As described above, the woven grey fabric using the latent-elasticity interlaced-textured yarn according to the present invention is subjected to the above processes to form crimps on the latent-elasticity interlaced-textured yarn. Thereby, the latent-elasticity interlaced-textured yarn has superior elasticity of 15 to 40%, elastic recovery of 85% or more, resilience, and drape. Additionally, it has soft texture because of the ultrafine filaments formed by weight reduction treatment of the sea-island or radial type composite filaments 1 and 1′.

The latent-crimped filaments 2 are composite filaments including two kinds of polymers, that is, PET and PTT, as described above. In this respect, PTT has superior dyeability for dark colors at a lower temperature by 20° C. than PET during a dyeing process, and also has the lower modulus than PET in views of a molecular structure, thus PTT is softer than PET. Accordingly, the latent-crimped filaments 2 have superior dyeability and softness.

Having generally described this invention, a further understanding can be obtained by reference to examples and comparative examples which are provided herein for purposes of illustration only and are not intended to be limiting unless otherwise specified.

Physical properties of a woven fabric produced using a latent-elasticity interlaced-textured yarn according to the present invention were measured as follows.

(1) Elongation and elongation recovery

The elongation of the woven fabric was measured according to a JIS L 1096 B method (static load method).

The elongation recovery of the woven fabric was measured according to a JIS L 1096 B-1 method (static load method).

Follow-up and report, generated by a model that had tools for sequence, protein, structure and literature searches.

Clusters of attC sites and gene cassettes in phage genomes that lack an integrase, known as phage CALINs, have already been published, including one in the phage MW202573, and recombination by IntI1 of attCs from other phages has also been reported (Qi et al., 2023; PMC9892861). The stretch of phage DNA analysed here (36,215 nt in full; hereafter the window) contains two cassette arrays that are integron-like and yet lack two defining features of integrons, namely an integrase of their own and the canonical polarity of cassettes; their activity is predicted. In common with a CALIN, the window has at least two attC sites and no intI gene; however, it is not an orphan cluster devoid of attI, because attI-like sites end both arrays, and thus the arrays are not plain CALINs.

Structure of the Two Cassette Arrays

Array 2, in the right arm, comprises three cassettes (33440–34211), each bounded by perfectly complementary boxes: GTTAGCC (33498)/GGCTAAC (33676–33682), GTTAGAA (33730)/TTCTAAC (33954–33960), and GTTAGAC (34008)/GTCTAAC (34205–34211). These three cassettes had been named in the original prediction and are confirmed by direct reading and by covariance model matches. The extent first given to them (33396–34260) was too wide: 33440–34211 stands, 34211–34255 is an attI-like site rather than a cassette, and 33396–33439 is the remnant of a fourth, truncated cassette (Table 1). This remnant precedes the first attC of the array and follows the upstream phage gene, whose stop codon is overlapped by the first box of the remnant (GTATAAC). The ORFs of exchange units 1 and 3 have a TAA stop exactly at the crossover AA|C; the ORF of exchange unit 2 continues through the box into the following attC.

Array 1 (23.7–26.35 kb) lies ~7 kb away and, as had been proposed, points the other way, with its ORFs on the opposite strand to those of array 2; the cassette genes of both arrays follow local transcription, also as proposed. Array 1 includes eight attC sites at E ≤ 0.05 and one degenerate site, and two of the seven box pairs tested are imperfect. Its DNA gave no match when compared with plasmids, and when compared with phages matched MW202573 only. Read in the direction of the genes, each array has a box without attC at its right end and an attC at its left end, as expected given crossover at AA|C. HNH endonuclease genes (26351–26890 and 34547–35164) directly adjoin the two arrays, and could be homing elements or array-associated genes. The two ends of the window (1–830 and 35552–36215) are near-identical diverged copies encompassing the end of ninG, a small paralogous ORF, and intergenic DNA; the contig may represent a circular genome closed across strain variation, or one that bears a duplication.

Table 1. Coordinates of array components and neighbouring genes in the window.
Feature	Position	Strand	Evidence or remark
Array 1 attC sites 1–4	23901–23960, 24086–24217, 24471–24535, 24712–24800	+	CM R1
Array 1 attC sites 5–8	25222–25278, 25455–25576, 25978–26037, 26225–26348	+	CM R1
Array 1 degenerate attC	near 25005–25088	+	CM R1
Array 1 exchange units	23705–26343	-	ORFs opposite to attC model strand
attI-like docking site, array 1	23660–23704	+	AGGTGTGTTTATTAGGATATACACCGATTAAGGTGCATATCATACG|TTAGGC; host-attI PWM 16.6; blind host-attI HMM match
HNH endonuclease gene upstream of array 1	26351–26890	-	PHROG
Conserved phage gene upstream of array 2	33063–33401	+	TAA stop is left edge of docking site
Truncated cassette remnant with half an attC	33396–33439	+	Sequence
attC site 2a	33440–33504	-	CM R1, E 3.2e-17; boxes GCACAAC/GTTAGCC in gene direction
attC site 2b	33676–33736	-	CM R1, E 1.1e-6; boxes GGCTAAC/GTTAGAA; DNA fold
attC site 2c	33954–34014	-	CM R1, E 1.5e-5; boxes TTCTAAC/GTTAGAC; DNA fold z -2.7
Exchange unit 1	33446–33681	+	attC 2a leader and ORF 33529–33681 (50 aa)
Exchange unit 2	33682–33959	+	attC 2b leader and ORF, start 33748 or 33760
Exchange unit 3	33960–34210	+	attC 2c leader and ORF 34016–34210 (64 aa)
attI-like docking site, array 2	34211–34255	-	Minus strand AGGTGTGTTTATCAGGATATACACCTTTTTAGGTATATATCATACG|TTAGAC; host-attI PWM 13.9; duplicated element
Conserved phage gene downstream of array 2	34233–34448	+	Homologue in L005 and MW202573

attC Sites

(2) Surface effect of the woven fabric (stretching of the woven fabric: sag phenomenon)

A sample with a size of 7.5 cm ×30 cm was secured by a clamp and extended for 10 seconds in a load of 5 KG using an Ultimate Tensile strength Measuring device(UTM) according to KSK 0520 method. After 10 minutes since the load is removed, an appearance of the sample was observed to evaluate the surface effect of the woven fabric as follows:

⊚: nine to ten points, ∘: seven to eight points, Δ: five to six points, ×: five or lower points (based on 10 points as a full mark)

(3) Elasticity after a re-dyeing process

The primarily treated woven fabric was dyed at a relatively high temperature of 130°C. and in a humid environment for 30 minutes using a liquid dyeing machine, and its elasticity was measured according to a KSK 0352 5.2.2 method.

EXAMPLE 1

One ply of PTT latent-crimped filaments 2 having the monofilament fineness of 2.1 deniers and the total fineness of 75 deniers was interlaced with two plies of sea-island type composite filaments 1 having the monofilament fineness before the weight reduction of 2.1 deniers, the monofilament fineness after the weight reduction of 0.04 deniers, and the multifilament fineness of 75 deniers using an air pressure of 3 kgf/cm2 in an overfeed ratio of 3% to produce a latent-elasticity interlaced-textured yarn of 225 deniers.

A polyester false twisted yarn of 75 deniers as a warp and the latent-elasticity interlaced-textured yarn as a weft were woven in satin weave using a Rapier loom, and then sequentially subjected to a continuous rinsing, a weight reducing, and contraction, a pre-set, a dyeing, a final set, and a raising or a buffing process in order.

The elasticity and elastic recovery of the resulting woven fabric were each measured ten times according to the methods as described above, and then compared with those of a conventional spandex fabric. The results are described in Table 1.

EXAMPLE 2

The procedure of Example 1 was repeated except that the polyester false twisted yarn and latent-elasticity interlaced-textured yarn were woven in plain weave.

EXAMPLE 3

The procedure of Example 1 was repeated except that PET/PTT latent-crimped filaments having the monofilament fineness of 2.1 deniers and the multifilament fineness of 75 deniers was used as the warp.

EXAMPLE 4